by Andrew Harwood
The effort, the stress, the constant worry and second-guessing – it’s hard to believe anyone chooses to take such a gamble with their fruit. Producers who make late-harvest, or dessert wines, risk crop destruction by birds of prey, hailstorms, frost, rot (not the noble sort), and migrating geese just to name a few.
There are, nevertheless, those who do roll the dice, ignore the voice of reason, and leave their berries on the vine well past the expiration date for making a dry table wine. Yet even when the vintner does beat the odds, crafting a late-harvest cocktail of sugar and acid, dried fruits, and a whole host of flavors beyond description, their work has just begun.
Despite a 33% increase in U.S. dessert wine sales from 1999-2003 (according to the Wine Institute), many consumers continue to regard sweet wines as elementary, as beverages for the uninitiated. Since graduating to Cabernet Sauvignon, Pinot Noir, and Viognier, all traces of sugar were left behind in their shameful past of White Zinfandel and wine coolers.
Hungary’s Tokaj region, nestled in the Zemplen mountain range northeast of Budapest, is home to one of the world’s greatest dessert wines produced from grapes infected with Botrytis cinerea. This airborne fungus, while visually alarming, deserves much credit for the intense flavors found in the wines of Tokaj. Fifty years of neglect, however, courtesy of a state run cooperative, saw the vineyards suffer as yields skyrocketed and the agro-chemical industry usurped the vines’ vigor and character. In 1990, investment and new energy began pouring into the vines and wineries of this 26 kilometer stretch. The recent bottlings, made with care and attention to detail, already display enough character and flavor to offer testament of why they were revered during hundreds of years. These bottles, virtual history lessons, are likely to spawn more conversation and intrigue than even the priciest of the lavishly fruit adorned Chardonnays.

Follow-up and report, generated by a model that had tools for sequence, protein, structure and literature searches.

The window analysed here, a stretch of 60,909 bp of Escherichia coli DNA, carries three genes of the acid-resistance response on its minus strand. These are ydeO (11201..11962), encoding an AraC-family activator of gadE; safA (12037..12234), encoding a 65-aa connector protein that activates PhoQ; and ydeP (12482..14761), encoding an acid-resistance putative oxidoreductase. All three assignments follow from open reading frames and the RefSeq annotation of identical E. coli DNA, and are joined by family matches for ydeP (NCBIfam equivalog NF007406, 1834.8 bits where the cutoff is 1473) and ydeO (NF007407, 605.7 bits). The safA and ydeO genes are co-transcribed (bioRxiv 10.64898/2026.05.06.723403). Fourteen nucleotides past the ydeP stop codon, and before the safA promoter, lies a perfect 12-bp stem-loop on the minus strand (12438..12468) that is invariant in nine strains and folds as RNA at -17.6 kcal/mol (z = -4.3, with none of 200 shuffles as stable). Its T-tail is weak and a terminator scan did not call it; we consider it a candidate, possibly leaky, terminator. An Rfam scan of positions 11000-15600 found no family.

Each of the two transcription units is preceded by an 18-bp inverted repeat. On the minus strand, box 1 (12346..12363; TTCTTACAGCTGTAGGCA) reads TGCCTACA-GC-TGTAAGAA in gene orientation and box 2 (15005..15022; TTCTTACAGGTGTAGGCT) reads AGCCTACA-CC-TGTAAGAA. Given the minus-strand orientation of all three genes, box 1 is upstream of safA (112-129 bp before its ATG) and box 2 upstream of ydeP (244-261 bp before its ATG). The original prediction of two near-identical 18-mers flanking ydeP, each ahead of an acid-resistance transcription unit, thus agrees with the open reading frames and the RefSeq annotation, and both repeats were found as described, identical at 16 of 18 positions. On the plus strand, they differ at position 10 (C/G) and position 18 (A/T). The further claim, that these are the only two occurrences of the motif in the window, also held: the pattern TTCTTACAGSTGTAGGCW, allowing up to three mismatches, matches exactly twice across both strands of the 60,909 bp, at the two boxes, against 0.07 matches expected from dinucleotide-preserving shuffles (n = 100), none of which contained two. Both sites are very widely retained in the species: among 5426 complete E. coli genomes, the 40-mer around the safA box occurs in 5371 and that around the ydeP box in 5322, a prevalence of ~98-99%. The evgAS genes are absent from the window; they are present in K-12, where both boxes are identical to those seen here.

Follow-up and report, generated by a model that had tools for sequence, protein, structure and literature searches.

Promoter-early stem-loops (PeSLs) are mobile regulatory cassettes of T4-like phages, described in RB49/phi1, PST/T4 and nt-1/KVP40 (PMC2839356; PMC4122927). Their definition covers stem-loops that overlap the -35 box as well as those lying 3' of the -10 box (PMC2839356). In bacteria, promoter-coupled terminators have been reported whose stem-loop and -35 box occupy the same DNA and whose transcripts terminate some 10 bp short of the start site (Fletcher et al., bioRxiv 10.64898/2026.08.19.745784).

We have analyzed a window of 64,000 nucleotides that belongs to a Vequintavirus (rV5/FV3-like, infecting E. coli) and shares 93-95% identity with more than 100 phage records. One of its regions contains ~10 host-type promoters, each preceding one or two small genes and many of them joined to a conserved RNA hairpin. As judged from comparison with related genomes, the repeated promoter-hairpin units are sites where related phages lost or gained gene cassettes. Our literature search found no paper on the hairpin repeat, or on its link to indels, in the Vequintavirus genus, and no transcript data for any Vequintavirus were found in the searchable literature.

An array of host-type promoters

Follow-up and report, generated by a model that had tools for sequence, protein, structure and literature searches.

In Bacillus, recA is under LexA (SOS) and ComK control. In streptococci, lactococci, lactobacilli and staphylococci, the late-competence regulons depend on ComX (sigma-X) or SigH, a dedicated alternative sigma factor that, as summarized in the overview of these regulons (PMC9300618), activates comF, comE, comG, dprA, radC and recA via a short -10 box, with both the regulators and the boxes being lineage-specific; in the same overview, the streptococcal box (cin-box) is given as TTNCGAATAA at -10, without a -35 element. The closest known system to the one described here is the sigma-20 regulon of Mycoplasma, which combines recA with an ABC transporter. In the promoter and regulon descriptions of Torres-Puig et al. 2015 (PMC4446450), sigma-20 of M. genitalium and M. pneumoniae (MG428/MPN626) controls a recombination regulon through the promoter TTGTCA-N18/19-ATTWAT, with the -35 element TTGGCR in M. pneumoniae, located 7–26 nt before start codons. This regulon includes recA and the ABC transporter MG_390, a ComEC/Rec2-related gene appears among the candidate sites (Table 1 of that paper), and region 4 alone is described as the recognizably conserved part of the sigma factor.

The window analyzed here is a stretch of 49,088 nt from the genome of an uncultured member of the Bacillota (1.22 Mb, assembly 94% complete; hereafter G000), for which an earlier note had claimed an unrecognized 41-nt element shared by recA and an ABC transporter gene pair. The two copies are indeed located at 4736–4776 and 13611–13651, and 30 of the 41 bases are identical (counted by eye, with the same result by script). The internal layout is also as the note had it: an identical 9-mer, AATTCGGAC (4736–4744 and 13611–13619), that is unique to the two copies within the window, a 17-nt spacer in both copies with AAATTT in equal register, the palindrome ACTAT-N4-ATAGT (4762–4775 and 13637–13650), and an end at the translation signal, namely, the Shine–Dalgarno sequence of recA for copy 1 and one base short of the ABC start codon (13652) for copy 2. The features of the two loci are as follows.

I admit a prejudice, a suspicion of wines made with hybrids. But it wasn’t until I tasted Inniskillin’s Ice Wine that I realized just how fabulous Vidal Blanc can be. This wine would convert the most ardent foe of the “stickies,” leaving them to ponder only what will best accompany their new found friend – a gift from our neighbors up north.
What is a DESSERT WINE?
The term dessert wine is an umbrella term that describes a multitude of wines usually served after a meal or with dessert. Late harvest wines, moscato, fortified wines like Port and Sherry, ice wine, Sauternes, Tokaji Asz, beerenauslese, trockenbeerenauslese and Commandaria all fall in this category. Their alcohol content can range from as low as 8% (for moscato) to as high as 20% (for Port and other fortified wines) but on average, they tend to be higher in alcohol. The one thing they all have in common is that they have a greater amount of residual sugar than a dry-fermented table wine.
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